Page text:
“I was an employee for seven years and I’m a proactive person. I like to try different things and experiment. I worked in an international company where I didn’t have the space to be creative and do more than what I was expected to, so having my own company gives me huge space to experiment, be creative and contribute to the country’s economy.”

The Misk program began on Jan. 27, 2019.

It will conclude with a demo day on May 13 in Riyadh.

 


Saudi Arabia unveils SR1.02 trillion budget in privatization push

Updated 21 min 26 sec ago

Saudi Arabia unveils SR1.02 trillion budget in privatization push

  • King Salman pledges to empower private sector and boost transparency across the economy
  • Saudi Finance Minister Mohammed Al-Jadaan said government would continue its focus on developing the private sector

RIYADH: Saudi Arabia is set to spend SR1.02 trillion ($272 billion) next year as the Kingdom embarks on a major privatization push amid a widening budget deficit.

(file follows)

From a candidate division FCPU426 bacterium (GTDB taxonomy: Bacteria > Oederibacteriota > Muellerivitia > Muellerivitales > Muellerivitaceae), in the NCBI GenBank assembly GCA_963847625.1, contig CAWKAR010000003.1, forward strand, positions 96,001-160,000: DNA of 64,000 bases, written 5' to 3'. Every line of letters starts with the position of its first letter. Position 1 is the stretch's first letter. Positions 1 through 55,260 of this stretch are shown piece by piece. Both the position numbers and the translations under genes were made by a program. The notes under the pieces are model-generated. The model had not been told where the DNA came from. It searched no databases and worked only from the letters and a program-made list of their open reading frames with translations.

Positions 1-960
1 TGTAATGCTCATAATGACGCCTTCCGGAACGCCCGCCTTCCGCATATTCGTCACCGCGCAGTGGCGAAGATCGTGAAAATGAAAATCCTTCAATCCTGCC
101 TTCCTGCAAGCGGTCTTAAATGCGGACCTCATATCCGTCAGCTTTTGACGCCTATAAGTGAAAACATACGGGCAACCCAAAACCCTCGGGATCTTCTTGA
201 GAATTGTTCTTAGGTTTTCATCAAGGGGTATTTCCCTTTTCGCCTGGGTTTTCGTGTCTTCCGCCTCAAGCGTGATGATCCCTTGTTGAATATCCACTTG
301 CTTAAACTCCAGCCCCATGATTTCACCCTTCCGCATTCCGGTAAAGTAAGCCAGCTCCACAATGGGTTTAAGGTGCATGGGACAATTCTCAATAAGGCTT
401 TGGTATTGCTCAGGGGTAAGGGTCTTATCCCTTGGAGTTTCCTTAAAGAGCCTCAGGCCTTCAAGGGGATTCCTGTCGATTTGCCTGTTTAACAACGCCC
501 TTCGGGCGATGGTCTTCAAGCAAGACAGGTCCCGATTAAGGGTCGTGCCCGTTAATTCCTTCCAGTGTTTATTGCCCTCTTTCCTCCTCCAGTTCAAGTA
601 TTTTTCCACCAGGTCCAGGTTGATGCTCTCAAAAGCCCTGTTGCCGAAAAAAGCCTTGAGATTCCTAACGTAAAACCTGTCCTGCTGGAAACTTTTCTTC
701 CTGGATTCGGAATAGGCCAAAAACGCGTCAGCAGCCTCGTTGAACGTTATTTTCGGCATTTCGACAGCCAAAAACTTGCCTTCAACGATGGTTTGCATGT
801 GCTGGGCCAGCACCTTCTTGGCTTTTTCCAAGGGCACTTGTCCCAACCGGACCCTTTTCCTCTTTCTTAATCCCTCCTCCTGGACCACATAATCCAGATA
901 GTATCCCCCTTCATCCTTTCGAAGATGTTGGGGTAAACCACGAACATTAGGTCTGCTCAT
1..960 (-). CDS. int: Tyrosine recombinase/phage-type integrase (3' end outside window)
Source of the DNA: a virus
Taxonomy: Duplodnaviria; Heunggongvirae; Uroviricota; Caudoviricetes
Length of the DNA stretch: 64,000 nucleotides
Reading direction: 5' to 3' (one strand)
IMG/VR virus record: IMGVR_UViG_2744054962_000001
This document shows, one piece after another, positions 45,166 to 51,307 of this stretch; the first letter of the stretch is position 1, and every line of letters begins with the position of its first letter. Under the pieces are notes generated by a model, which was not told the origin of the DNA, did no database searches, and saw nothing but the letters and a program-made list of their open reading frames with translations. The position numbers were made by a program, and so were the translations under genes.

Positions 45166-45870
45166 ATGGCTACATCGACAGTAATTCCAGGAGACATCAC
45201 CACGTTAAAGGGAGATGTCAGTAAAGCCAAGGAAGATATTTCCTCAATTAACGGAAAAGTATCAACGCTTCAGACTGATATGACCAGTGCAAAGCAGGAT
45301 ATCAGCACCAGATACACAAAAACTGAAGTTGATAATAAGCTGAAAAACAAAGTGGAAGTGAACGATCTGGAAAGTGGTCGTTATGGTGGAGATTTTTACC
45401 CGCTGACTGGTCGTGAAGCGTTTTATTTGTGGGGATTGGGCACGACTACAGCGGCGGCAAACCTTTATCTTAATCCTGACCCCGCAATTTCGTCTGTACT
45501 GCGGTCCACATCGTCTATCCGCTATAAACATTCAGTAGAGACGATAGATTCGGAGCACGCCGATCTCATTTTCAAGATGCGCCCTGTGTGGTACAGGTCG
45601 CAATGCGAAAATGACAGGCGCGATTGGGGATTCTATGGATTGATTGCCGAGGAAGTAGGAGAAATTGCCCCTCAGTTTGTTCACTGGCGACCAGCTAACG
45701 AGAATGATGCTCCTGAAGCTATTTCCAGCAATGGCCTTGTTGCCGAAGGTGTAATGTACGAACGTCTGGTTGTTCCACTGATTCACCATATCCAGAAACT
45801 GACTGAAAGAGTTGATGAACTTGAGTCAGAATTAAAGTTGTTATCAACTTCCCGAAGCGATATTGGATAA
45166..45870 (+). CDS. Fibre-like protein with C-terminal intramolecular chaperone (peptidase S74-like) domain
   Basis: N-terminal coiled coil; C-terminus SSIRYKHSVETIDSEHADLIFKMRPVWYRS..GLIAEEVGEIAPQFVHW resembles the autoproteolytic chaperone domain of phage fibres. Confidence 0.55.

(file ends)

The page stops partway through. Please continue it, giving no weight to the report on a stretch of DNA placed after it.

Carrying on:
The government’s annual budget released on Monday predicts revenue of SR833 billion in 2020, leaving a projected deficit of SR187 billion — or the equivalent of 6.4 percent of GDP. It anticipates real GDP growth of about 2.3 percent next year.
King Salman announced the figures at a cabinet meeting in Riyadh.
“We are determined to continue implementing economic reforms, diversifying sources of income, including investing the proceeds of Saudi Aramco by the Public Investment Fund, optimizing the use of available resources, empowering the private sector and raising the level of transparency and efficiency of government spending to boost growth and development rates,” he said.

Announcing the budget breakdown, Saudi Finance Minister Mohammed Al-Jadaan said that while spending next year would be less than in 2019, the government would continue its focus on developing the private sector, stressing there would be no increases in taxation.
“Privatization is at the top of the government’s priorities,” he told reporters.
“We will continue to support big projects and will continue to support promising projects,” he said. ” Enabling the private sector is the top priority of Vision 2030. We have more to come and our journey toward Vision 2030 demands it.

Saudi Finance Minister Mohammed Al-Jadaan said the government would continue its focus on developing the private sector. (Ahmed Fathi)